Local Good Samaritan helps after 'horrifying' accident on Columbia this morning

Kyra Hoggan
By Kyra Hoggan
October 14th, 2011

 What’s being described as a “horrifying” motorcycle accident slowed traffic on Columbia Avenue this morning.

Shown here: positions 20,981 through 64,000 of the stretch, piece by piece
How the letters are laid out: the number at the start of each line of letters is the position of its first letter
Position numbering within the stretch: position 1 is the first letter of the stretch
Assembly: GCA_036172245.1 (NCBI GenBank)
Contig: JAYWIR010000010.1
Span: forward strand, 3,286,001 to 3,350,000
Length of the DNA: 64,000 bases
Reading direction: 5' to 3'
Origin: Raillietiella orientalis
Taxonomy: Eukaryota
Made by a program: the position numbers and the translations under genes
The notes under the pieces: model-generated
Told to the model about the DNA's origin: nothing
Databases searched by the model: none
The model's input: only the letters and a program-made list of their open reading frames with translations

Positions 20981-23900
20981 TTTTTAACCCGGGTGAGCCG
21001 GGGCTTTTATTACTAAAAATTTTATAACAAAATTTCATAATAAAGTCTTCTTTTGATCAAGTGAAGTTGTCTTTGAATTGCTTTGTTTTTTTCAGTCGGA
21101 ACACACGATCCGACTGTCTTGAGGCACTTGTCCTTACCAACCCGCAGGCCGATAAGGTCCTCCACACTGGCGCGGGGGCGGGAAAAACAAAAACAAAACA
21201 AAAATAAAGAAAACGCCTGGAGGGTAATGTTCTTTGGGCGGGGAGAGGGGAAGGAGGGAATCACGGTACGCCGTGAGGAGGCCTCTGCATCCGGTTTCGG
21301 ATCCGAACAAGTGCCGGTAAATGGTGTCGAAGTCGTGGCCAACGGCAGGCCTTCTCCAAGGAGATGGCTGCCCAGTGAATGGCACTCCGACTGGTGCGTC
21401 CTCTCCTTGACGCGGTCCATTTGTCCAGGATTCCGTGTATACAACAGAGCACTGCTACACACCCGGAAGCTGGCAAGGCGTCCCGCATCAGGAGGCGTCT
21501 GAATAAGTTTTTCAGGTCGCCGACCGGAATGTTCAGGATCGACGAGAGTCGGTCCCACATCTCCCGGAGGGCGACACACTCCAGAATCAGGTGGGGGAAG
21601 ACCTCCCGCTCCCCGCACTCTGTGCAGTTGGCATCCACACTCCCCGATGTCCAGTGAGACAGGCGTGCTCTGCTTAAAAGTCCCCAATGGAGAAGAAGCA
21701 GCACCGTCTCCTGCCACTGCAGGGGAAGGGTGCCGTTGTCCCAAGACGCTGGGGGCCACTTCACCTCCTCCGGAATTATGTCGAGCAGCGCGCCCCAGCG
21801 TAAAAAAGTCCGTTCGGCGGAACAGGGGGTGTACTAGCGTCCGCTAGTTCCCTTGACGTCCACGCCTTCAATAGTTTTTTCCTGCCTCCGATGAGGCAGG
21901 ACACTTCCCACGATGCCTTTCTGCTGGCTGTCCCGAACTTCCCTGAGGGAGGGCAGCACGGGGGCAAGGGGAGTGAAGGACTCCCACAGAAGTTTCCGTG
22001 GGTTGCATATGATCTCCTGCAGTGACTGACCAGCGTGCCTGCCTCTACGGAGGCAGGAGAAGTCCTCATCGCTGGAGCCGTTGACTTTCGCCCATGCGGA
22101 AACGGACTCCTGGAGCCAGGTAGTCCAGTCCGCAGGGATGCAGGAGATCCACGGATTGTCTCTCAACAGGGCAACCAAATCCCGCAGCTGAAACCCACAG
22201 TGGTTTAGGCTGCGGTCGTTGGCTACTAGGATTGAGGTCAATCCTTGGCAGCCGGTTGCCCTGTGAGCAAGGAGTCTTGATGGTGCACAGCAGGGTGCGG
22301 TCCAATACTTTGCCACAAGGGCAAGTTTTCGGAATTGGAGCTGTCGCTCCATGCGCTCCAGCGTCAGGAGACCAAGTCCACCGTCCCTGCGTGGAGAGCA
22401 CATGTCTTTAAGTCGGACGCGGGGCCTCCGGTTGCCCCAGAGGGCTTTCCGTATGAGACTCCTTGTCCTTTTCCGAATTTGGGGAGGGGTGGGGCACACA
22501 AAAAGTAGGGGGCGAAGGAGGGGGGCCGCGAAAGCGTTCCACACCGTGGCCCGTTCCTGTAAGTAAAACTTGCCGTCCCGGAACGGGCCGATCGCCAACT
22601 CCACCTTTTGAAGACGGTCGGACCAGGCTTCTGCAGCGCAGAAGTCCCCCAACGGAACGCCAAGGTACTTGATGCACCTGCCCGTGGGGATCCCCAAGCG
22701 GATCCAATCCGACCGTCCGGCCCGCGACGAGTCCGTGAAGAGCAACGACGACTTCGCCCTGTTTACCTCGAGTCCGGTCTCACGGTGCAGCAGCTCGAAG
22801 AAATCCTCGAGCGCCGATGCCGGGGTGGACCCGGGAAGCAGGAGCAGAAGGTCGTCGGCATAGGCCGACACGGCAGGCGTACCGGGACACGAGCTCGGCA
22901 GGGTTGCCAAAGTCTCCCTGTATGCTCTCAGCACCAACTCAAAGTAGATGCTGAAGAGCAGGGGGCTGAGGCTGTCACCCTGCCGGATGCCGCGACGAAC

Castlegar RCMP Const. Chris LaValley said a motorcyclist was heading south on the city’s main thoroughfare near Chopsticks Restaurant (8th Street) at about 10:10 a.m., when a pick-up truck pulled off 8th Street and onto Columbia right in front of him.  “I suspect the truck’s driver never even saw the motorcyclist,” LeValley said. “The cyclist tried to hit his brakes to avoid a collision – you can see about 20 feet of skid marks before he lost control of the motorcycle – then he was thrown about 10 feet past his bike.  “He was taken to Castlegar hospital then transported to Trail hospital, where he remains in stable condition.”  Luckily, the first witness to pull over also happened to be trained in level-three first aid.  Local Castlegar mother-of-two Michelle Ferris said she saw the motorcycle go flying off the right side of the road.  “I pulled over, leaving my car on, and ran to him,” she said. “I could see he was breathing, so I just got on my knees to hold his head still and started asking him questions.”  Ferris, an on-call sports attendant and first-aid attendant for Selkirk College, said she was grateful for her training, this morning more than ever.  “I wouldn’t have been able to do what I did if I didn’t have level three training,” she said. “And knowing what to do gives you the confidence to take positive action.”  She said, rather than feeling heroic, she was stunned at how many people just kept on driving, without stopping to offer help.  “How do you not stop when you see such a horrifying accident? You don’t need first-aid training to call 911 or help some other way,” she said. “When I was there, he (the cyclist) was in and out of consciousness – I’m glad to hear he’s doing better. It was pretty scary.  “I’d like to think I helped in some sort of way.”  Both Ferris and LeValley concur that the man’s helmet likely saved his life, and police are asking anyone who witnessed the accident to contact RCMP at 250-365-7721.  “We don’t have a good description of the truck, which kept on driving after the accident,” LeValley said. “We’d appreciate any input the public can offer.”

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